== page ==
Cornell professor examines the difficult times at the Times
"EndTimes? Crises and Turmoil at 'The New York Times,' 1999 - 2009"
By Daniel R. Schwarz
Excelsior Editions/State University of New York Press, 2012, 474 pages
CHARLESTON, W.Va. -- The New York Times, like most newspapers, is facing difficult times. Readership is declining. Advertising revenues are dropping.
For years, many have considered the Times to be the nation's flagship daily newspaper.
Dan Schwarz, a Cornell University professor who has written several books, including studies of authors Joseph Conrad and James Joyce, said, "The Times is the worst newspaper in the world except for all the others."
Throughout his rather dense, but fascinating, book, Schwarz raises many questions about the future of printed newspapers and about how Americans will stay informed about news.
Newspapers still have many more reporters than television and radio stations or Internet news sites.
Newspaper reporters do far more research on daily stories and on more complicated investigative pieces. Television, radio and Internet news sources depend on newspapers for much of their own information.
Since 1990, newspapers have cut 25 percent of their jobs because readership has dropped. Today, less than 20 percent of Americans between 19 and 34 read daily newspapers. Those who do, spend fewer than 15 hours a month reading them.
But "reading paper-and-ink is a different, more reflective, and more contemplative experience then using the Internet," Schwarz insists.
The good and the bad
Schwarz praises the high points in The New York Times history, such as its courageous publication of the Pentagon Papers in 1971, exposing flawed government decision-making about Vietnam between 1945 and 1967.
"The Time's benchmark for revealing secrets, the Pentagon Papers represent the historical fault line between a press that stands with the government in mutual trust and one that has an adversarial relationship based on standing up to the government," Schwarz writes.
The Pentagon Papers revealed how top government officials repeatedly lied and manipulated the news media and the public to promote the Vietnam War.
"EndTimes?" stresses the continuing strengths of the Times, including investigative reporting, news bureaus across the world and the staff's continued enthusiasm working there.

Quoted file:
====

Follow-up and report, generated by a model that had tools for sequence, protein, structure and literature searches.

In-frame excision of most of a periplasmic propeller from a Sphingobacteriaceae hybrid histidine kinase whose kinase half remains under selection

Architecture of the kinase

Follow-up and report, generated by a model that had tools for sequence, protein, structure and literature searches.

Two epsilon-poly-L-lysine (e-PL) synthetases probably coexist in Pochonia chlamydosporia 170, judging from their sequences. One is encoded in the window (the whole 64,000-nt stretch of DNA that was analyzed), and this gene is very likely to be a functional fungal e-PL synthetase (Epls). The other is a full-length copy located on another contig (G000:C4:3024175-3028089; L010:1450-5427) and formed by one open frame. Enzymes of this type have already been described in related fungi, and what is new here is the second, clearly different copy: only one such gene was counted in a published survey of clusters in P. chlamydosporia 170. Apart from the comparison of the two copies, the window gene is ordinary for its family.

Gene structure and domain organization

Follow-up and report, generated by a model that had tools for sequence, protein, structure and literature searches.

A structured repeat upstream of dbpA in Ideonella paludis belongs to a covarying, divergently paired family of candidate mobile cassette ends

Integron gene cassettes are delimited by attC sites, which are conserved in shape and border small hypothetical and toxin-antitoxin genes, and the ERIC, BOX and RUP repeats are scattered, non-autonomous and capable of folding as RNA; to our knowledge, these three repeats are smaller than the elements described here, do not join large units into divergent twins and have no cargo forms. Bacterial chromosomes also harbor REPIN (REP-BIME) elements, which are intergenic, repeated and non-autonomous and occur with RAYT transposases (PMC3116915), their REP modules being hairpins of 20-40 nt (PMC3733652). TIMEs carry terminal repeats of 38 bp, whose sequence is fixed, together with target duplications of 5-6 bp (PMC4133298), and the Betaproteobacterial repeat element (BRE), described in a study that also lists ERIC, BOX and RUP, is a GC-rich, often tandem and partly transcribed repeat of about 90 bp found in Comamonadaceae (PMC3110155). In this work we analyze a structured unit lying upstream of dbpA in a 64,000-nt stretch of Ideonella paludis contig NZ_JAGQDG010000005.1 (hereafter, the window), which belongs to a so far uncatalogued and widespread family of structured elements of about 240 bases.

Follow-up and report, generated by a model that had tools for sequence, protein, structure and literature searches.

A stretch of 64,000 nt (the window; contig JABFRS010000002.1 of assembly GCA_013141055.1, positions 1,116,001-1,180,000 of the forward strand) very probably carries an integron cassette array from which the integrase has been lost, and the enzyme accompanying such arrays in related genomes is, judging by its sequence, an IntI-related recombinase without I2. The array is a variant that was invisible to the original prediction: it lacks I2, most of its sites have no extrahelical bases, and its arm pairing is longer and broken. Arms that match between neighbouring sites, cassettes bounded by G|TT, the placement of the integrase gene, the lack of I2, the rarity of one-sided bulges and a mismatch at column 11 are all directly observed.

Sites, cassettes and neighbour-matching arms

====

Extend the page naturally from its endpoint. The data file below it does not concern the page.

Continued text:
Schwarz criticizes the paper's executives for editorial mistakes, ignoring major truths and overlooking irresponsible reporting.
"EndTimes?" also criticizes the increase of "fluffy" stories about topics designed to appeal to advertisers and many readers -- style, traveling, shopping, banking, investing, exercising and keeping healthy.
"In the Internet age, the paper changed greatly and is continually in search of a new identity," Schwarz said during a lecture he gave in March. "This is what has changed. The Times morphed into a hybrid newspaper-magazine-Internet site."
Today, the Times has become "a diluted product that is less an authoritative newspaper than a potpourri of information, some of it cutting-edge material in terms of news and investigative journalism but some merely prolix, soft, magazine-type articles."
The Times still has 26 foreign bureaus and more than 1,100 people on its newsroom staff. If the paper was transformed into a website, it would continue to lead in reporting international news, but there would be major cutbacks.
As the major news entity covering foreign affairs, Schwarz argues, the Times should "stop giving away its product" to websites like The Huffington Post and Politico, as well as to newspapers and cable channels like CNN, MSNBC and Fox News.
The Times, Schwarz believes, soon might "need to ask all the American television networks and cable stations . . . to share in some of the costs of sustaining 26 foreign bureaus." The paper also could partner with other news services, such as Reuters and the BBC.
During the past decade, the Times has become more socially liberal than it has ever been.